Monday, December 4, 2017

Hiraeth 2016: Dydd 14, In which we travel to West Wales (AKA Cornwall)

Cornwall was known as West Wales in medieval times because the Saxons recognized they were up against another plucky group of strange little people with pixies. It is a Celtic country, if only a county of England now. And it is a strange, mysterious place.
We started off at Tintagel, the legendary birthplace of King Arthur. Here I am excited beyond belief at Merlin's Cave at the Sea below the Castle!

"You're a Wizard, Merlin!"
This place was just astounding, the ruins of the castle are high above the cliffs dropping off to the Sea.

My wife at Tintagel Castle
Tintagel Castle ruins.
We climbed a lot of stairs. Worth every step!
Looking back over some of the ruins to Tintagel Village.
This spooky piece of art now stands guard.
Whew! That was great!

We then visited a well-maintained, former estate at Lanhydrock. The grand houses did not impress me as much, but I have to admit that I love a beautiful garden.

A part of the gardens at Lanhydrock, Cornwall.
We then went on a late-evening, whirlwind tour of several sites around Lands End. We hiked a bit on the cliffs.

The cliffs near Lands End, Cornwall.
A shipwreck! (from the 1950s)
At Lands End pointing towards home.
"There's a feeling I get when I look to the West."
So I was wearing my usual cap with souvenir pins or "badges" on it. In the gift shop at Tintagel, one of the locals noted my St. Piran's cross pin, the white cross on black which is for Cornwall. He said, "Keep wearing that. It really sets off the English." Cornish pride!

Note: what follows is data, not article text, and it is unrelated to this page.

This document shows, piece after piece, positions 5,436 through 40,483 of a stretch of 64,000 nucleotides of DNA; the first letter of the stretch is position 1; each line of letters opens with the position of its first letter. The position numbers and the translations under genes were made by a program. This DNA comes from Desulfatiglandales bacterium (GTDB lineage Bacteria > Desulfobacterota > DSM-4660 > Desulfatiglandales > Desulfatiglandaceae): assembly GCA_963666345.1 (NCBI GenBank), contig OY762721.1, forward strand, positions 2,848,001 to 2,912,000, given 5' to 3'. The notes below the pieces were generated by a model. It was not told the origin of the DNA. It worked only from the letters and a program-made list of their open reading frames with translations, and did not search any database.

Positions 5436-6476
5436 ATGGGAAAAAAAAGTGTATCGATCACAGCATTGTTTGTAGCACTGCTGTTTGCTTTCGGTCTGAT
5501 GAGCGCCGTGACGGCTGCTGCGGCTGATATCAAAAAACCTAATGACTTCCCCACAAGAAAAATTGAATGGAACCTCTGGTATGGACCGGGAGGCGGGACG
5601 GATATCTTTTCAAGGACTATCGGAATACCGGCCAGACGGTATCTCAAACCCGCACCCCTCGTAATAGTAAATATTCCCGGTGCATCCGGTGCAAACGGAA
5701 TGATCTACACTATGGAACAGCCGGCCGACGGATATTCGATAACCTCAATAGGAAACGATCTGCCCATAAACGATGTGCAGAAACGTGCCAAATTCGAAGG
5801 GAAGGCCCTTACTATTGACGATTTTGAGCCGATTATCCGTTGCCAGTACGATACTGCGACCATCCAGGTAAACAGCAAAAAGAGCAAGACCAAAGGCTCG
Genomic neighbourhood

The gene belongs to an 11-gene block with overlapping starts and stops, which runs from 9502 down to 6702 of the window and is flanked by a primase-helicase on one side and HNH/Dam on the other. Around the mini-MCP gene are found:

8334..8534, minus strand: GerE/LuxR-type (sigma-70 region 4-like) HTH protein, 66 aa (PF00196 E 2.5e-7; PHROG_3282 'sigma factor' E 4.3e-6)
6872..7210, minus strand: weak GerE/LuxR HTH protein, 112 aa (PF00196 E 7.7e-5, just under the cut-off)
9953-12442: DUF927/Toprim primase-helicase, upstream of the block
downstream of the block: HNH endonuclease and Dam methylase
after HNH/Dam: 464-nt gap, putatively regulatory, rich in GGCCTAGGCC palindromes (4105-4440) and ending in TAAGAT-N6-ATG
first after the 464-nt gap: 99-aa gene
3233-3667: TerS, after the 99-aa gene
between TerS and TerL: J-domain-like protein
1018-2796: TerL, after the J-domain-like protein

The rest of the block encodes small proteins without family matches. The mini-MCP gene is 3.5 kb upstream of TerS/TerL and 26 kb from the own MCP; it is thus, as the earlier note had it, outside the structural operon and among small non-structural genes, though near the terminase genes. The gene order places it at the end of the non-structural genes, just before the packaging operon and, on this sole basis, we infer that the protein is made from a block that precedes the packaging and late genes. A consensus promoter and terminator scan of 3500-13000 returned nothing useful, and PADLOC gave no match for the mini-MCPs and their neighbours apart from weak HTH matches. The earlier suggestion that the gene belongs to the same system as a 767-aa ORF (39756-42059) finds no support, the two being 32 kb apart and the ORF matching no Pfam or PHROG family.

Then it got really spooky. As the late summer evening wore on, we visited a couple of megalithic monuments. First was Mên-an-Tol, or the Madron stones. These are rather unique and if you have any Freudian reactions, please keep them in the Bronze Age.

Mên-an-Tol, or the Madron stones
While out walking to ancient stones, we saw one of Cornwall's many tin mine structures.
Lonely Cornish Tin Mine.
We visited Lanyon Quoit. Quite an impressive dolmen or ancient framework for a tomb. It fell down in the 19th Century and was reset with assistance from the Royal Navy even if not quite in its original form.

My wife helping to hold up the stone on Lanyon Quoit, actually quite sturdy as we climbed on it.
Some of our group performing on the stones.
It got dark and even spookier. We visited the ruin of an ancient Christian church and sacred spring, Madron Holy Well. It felt like something straight out of a search for the Grail.

Would you go down this path?
I lagged behind the group to take this photo of the prayer tree at the sacred spring.
The group was not happy when I used my flash to snap this pic inside the ancient church ruin.
But I had to do it for Sir Galahad, Sir Bors, and Sir Peredur (Perceval).
We were then brought back to bright reality at a late-night Tesco stop in Penzance. I took this photo which I thought was hilariously funny but it was either too late at night or I was the only Gilbert and Sullivan fan

You see, the Operetta is called "The Pirates or Penzance; or, the Slave of Duty"
because Frederick was bound in service of his indentures to the Pirate King. Oh, never mind.

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